If presidential impeachment drama is in the cards for Congress this fall, what’s California’s role?
Obviously, the conversation begins with House Speaker Nancy Pelosi. It’s her responsibility to, in effect, decide which rabbit hole for Democrats to descend—whether it’s politically sager to file a single article of impeachment based strictly upon the president’s dealings with Ukraine, or to broaden the charges to include other Democratic hobbyhorses (emoluments, Stormy Daniels, etc.).
Allan H. Meltzer (1928–2017), a twentieth-century macroeconomist, was an innovator in the field of monetary economics and public policy, showing how central banking could influence economic disasters. Meltzer was also a valued consultant both in the United States and overseas, championing rules-based monetary policy and free markets. Eleven prominent economists reflect on his contributions in this volume edited by David Beckworth.
Last week in Austin, at the annual “summit” sponsored by the PIE (“Policy Innovators in Education”) Network, prizes were conferred on a handful of state-based education-reform groups that had accomplished remarkable feats in the previous year, this despite the reform-averse mood that chills much of the nation.
Recently I posted a critique of Matt Stoller’s nasty attack on the late Aaron Director. Stoller didn’t just challenge Director’s views; he suggested not too subtly that Director changed his views because he was paid to do so.
If you spent the weekend talking politics and policy with a roomful of people who thought differently from you, how might it change your views of American democracy?
According to an experiment called America in One Room, that experience moves Americans toward a rosier view of how American democracy works.
Social Security is projected to consume an ever-larger share of America’s national income, mostly thanks to an aging population. Indeed, demographic change is why the program is bankrupt, with an inflation-adjusted cash-flow deficit of more than $42 trillion.
The NCAA has unilaterally ruled over college athletics for over a century. “(It) kind of operates like the mafia,” said California assembly member Sydney Kamlager-Dove. “They make rules and regulations, they tell you to ‘honor them or else,’ and everyone else has kind of decided to obey.” Not anymore. Kamlager-Dove, a co-author of Senate Bill 206, which gives California college student-athletes the right to earn revenue from their names, images and likenesses, said the bill isn’t about the money – it’s about just treatment for underserved student-athletes.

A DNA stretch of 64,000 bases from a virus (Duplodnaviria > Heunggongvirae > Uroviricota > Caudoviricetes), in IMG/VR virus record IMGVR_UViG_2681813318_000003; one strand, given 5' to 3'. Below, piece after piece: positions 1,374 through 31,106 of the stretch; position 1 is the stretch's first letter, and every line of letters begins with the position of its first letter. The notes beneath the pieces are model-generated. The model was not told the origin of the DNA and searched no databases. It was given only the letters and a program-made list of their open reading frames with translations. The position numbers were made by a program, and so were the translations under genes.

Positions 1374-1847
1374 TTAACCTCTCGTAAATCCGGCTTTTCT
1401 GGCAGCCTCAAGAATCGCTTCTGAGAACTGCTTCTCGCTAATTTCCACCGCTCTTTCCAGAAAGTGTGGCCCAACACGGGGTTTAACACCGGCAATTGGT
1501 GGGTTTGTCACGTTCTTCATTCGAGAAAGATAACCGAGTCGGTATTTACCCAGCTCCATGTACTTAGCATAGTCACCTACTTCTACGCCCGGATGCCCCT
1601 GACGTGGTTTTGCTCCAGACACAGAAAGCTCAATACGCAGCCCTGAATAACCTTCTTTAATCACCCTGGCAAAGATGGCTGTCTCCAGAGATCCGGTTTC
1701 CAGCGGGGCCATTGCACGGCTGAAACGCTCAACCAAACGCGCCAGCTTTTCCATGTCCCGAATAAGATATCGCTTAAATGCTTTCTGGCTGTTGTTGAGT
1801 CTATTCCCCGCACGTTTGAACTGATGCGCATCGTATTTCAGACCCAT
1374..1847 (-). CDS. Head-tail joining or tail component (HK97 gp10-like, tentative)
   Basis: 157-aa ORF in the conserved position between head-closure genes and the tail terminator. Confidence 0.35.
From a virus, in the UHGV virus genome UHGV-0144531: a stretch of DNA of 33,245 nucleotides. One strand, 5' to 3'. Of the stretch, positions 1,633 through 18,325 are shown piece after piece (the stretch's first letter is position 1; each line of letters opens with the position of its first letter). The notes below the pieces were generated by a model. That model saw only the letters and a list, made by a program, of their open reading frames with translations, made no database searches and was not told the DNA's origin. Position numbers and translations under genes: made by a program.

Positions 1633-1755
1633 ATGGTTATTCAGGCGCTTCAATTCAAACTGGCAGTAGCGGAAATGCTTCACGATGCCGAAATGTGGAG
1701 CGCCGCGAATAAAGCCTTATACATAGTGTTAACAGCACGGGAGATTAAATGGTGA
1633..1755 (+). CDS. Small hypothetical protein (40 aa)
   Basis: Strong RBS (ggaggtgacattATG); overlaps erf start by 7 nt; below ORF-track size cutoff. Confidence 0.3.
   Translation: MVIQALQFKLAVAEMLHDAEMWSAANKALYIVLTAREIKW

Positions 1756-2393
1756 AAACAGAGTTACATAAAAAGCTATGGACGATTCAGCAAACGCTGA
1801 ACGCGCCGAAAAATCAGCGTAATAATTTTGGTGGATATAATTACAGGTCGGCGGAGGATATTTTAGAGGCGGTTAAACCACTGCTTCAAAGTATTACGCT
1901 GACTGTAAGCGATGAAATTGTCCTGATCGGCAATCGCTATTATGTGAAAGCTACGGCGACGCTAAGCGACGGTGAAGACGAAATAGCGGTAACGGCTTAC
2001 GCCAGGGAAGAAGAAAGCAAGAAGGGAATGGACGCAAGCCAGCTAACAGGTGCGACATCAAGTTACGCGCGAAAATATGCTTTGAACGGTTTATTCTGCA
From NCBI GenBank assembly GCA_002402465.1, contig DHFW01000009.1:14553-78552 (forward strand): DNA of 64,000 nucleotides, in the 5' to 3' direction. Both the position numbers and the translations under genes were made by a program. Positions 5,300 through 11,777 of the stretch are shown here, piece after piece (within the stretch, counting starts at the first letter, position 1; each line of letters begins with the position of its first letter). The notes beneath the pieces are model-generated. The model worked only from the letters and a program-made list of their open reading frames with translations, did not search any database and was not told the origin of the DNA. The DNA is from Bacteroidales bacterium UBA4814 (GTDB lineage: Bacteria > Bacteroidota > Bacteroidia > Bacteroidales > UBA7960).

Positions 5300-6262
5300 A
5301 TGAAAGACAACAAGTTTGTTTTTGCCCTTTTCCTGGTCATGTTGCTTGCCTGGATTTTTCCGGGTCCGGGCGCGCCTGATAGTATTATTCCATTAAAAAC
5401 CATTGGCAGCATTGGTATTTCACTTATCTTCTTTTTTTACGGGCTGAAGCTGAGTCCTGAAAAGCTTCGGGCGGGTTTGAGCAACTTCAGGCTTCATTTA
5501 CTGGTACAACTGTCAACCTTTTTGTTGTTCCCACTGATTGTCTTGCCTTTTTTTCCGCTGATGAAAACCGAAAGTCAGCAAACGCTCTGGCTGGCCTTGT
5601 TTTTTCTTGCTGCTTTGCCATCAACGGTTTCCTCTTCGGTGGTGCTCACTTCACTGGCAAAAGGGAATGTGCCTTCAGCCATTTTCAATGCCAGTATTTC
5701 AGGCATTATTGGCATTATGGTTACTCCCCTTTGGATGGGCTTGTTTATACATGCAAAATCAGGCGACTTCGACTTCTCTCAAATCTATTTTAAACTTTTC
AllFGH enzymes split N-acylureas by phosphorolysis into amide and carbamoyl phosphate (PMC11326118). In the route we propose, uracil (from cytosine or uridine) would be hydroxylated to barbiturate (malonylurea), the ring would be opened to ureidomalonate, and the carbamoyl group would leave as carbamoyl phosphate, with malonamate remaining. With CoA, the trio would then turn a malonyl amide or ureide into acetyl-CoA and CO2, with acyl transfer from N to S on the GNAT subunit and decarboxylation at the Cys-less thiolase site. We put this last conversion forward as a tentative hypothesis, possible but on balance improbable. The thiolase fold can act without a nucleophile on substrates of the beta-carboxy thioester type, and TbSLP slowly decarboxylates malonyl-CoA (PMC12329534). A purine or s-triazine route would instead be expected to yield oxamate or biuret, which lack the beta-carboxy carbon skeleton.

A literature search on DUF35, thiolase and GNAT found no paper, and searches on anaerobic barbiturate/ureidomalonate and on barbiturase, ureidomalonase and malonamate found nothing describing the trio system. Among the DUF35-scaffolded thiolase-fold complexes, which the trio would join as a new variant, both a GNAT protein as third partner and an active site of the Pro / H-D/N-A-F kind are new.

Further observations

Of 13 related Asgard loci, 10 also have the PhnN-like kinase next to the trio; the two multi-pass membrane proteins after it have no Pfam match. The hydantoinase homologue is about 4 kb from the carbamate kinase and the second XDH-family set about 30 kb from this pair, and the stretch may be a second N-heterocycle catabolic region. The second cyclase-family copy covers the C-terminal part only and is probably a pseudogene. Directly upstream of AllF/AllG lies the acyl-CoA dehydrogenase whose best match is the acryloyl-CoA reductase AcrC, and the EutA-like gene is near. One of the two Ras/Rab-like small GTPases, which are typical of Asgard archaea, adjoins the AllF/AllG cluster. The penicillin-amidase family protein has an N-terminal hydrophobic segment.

Markets hate uncertainty. It’s a well-worn truism that is trotted out every time the pound plunges on the latest Brexit twist or stocks swoon on another Twitter tirade from Donald Trump. But one index empirically shows that businesses and investors are facing a level of uncertainty never seen before and that could be hurting the world economy.
Boris Johnson has bet the farm on one thing, and one thing alone: boredom. When James Cleverly, the Conservative Party chairman, admitted he was “quite bored of Brexit”, he certainly spoke for party members, who can’t wait to be shot of the whole process: a sundering from the European Union that they believed (because the Vote Leave campaign told them) would be a quickie divorce but has turned out to be a frustratingly protracted and fiddly diplomatic nightmare.
After two years lodged between Donald Trump and Vladimir Putin, U.S. Ambassador to Russia Jon Huntsman is leaving his post Thursday, returning to Utah, where he is weighing a bid to again run for governor. Huntsman, who took on the role as America’s top envoy to Russia during a tumultuous time between the two world powers, said as he departs that things could have been worse if not for diplomatic efforts to stem a further slide in the relationship.
Canadian politicians are promising everything but the kitchen sink in the 2019 Federal Election. Although, there’s still 19 days – so don’t rule out kitchen sink subsidies. Most notable to our readers is obviously their housing platforms. A wide range of readers, from fund managers to Millennial buyers, have asked for our take on specific platforms.
The United States has historically been wary of punching back in cyberspace, fearing that a digital conflict could rapidly escalate to rockets and bombs. But those concerns may be overblown. A pair of recent studies has found it's extremely rare for nations to ratchet up a cyber conflict, let alone escalate it to a conventional military exchange, and that the U.S. public may put extra pressure on leaders not to let a cyber conflict get out of hand.